Debunking Misleading Claims About Propane School Buses

A recent Vox article by Rebecca Leber titled, “The Propane Industry’s Weird Obsession with School Buses Explained” has sparked debates over the propane sector’s role in school bus transportation. While critics claim that propane-powered buses are no different than diesel buses, the propane industry opposes electrification, and that propane-powered buses offer no substantial air quality… Continue reading Debunking Misleading Claims About Propane School Buses

A recent Vox article by Rebecca Leber titled, “The Propane Industry’s Weird Obsession with School Buses Explained” has sparked debates over the propane sector’s role in school bus transportation. While critics claim that propane-powered buses are no different than diesel buses, the propane industry opposes electrification, and that propane-powered buses offer no substantial air quality benefits, proponents argue that these accusations are based on misleading claims.

The inaccurate comparison between propane and diesel buses has caused much confusion. According to the US Department of Energy’s National Lab, while propane buses may not significantly outperform post-2010 diesel buses in emissions, they offer substantial reductions in air pollutant emissions when replacing older diesel buses, especially since over a third of the nearly half a million diesel school buses on US roads are outdated, pre-2010 models. Alternative fuels like propane are key players in pursuing cost-effective solutions to replace these aging buses with low- or zero-emission options.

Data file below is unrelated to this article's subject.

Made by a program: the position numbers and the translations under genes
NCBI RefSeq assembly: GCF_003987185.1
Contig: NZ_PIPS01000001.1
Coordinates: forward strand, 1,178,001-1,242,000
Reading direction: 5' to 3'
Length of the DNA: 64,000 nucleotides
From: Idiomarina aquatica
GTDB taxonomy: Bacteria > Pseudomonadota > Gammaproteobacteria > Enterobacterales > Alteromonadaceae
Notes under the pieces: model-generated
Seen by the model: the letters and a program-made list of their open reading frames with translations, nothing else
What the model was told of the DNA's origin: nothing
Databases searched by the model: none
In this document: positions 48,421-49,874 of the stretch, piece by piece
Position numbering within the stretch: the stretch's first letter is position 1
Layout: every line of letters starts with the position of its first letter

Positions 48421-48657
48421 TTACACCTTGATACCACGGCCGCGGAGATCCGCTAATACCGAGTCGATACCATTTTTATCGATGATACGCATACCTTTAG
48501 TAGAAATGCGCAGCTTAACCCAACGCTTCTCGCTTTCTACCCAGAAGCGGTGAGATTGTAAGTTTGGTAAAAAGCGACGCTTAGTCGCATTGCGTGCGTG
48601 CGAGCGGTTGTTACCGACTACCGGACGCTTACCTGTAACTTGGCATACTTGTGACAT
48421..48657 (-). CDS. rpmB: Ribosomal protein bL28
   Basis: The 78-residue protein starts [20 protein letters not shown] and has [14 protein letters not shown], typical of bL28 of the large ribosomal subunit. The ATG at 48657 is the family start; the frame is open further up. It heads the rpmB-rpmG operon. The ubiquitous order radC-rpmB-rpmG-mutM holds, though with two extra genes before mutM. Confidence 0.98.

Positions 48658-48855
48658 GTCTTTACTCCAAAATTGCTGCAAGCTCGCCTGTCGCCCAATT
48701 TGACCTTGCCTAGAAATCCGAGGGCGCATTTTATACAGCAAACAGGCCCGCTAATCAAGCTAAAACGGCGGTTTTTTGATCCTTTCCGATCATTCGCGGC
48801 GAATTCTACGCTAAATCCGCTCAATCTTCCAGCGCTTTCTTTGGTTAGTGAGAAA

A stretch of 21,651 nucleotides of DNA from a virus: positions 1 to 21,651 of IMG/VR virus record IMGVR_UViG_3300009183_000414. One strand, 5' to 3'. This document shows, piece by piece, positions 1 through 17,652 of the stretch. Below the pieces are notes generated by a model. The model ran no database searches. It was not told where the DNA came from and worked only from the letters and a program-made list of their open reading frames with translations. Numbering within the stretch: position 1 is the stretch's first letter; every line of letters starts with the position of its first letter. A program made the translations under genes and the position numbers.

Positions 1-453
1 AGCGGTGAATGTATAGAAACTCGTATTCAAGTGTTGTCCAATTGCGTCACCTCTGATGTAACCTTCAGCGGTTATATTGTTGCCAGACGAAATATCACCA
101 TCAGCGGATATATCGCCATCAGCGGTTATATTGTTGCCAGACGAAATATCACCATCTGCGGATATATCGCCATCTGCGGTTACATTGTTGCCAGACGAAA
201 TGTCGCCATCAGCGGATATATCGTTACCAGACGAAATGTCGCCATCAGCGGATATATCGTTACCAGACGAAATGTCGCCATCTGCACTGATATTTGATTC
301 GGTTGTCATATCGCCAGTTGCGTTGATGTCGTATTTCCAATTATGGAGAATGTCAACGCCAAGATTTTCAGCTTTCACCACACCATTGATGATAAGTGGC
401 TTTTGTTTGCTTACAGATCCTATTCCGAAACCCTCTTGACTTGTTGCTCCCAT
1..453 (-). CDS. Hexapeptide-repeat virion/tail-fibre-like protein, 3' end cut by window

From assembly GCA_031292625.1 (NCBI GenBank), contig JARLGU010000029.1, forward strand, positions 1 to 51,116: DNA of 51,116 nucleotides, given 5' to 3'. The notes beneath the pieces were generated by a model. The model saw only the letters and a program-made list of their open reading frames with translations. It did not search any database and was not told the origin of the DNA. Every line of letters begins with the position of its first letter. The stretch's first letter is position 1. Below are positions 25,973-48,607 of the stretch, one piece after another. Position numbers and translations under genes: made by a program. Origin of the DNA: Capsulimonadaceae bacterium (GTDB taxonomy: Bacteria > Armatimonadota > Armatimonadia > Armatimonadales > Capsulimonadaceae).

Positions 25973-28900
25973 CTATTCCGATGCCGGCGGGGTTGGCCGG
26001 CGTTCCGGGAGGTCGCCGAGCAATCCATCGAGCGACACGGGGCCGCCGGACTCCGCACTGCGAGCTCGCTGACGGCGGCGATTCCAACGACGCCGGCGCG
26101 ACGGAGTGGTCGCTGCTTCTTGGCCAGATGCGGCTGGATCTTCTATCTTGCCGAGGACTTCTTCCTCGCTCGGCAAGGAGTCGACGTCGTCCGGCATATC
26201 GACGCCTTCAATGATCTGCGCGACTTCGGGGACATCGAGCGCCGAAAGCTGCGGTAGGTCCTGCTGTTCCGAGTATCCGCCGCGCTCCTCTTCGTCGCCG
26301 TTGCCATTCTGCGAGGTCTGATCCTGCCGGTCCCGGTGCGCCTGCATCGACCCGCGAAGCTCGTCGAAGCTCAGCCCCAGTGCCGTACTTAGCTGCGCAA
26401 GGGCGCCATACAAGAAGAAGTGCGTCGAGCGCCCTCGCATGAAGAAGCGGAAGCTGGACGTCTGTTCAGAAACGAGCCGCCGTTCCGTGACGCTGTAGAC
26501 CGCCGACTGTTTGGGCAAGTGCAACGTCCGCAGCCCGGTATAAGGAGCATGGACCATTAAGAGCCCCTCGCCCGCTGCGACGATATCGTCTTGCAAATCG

Regarding emissions, the Environmental Protection Agency (EPA) acknowledges that propane buses produce lower levels of certain pollutants, such as nitrogen oxides (NOx). Modern propane bus engines adhere to strict NOx limits, ensuring reduced emissions compared to diesel. Leber also omitted that propane engines nearly eliminate particulate matter emissions, the health hazards that initially drove the replacement of older diesel buses.

Claims that the propane industry excessively targeted school transportation decision-makers are disputed. Additionally, allegations of being “anti-electrification” don’t align with the propane industry’s support for electrification, namely propane-powered electric vehicle charging.

In reality, the propane sector focuses on cost-effective emissions reductions through innovative technologies, such as ultra-low-carbon renewable propane and low NOx engines, to minimize the environmental impact. Rather than a peculiar obsession, this drive aims to deliver practical solutions for children and communities.

Propane and electric buses both have their merits in the quest for cleaner school transportation. Debating their worth should be rooted in accurate information rather than misleading narratives.

Propane School Buses: A Clean, Affordable, and Reliable Alternative

With the back-to-school season recently behind us, our minds can easily recall images of fresh school supplies, brand new shoes, and the iconic yellow school bus. However, this wholesome scene can quickly turn sour when a cloud of toxic black exhaust billows from your child’s school bus as it departs from the bus stop. The… Continue reading Propane School Buses: A Clean, Affordable, and Reliable Alternative

With the back-to-school season recently behind us, our minds can easily recall images of fresh school supplies, brand new shoes, and the iconic yellow school bus. However, this wholesome scene can quickly turn sour when a cloud of toxic black exhaust billows from your child’s school bus as it departs from the bus stop.

The culprit behind this unpleasant sight? Diesel buses. But here’s the good news: there are environmentally friendly alternatives that eliminate the black cloud, ensuring that children arrive at school in a clean and happy environment, ready to learn. Enter propane school buses.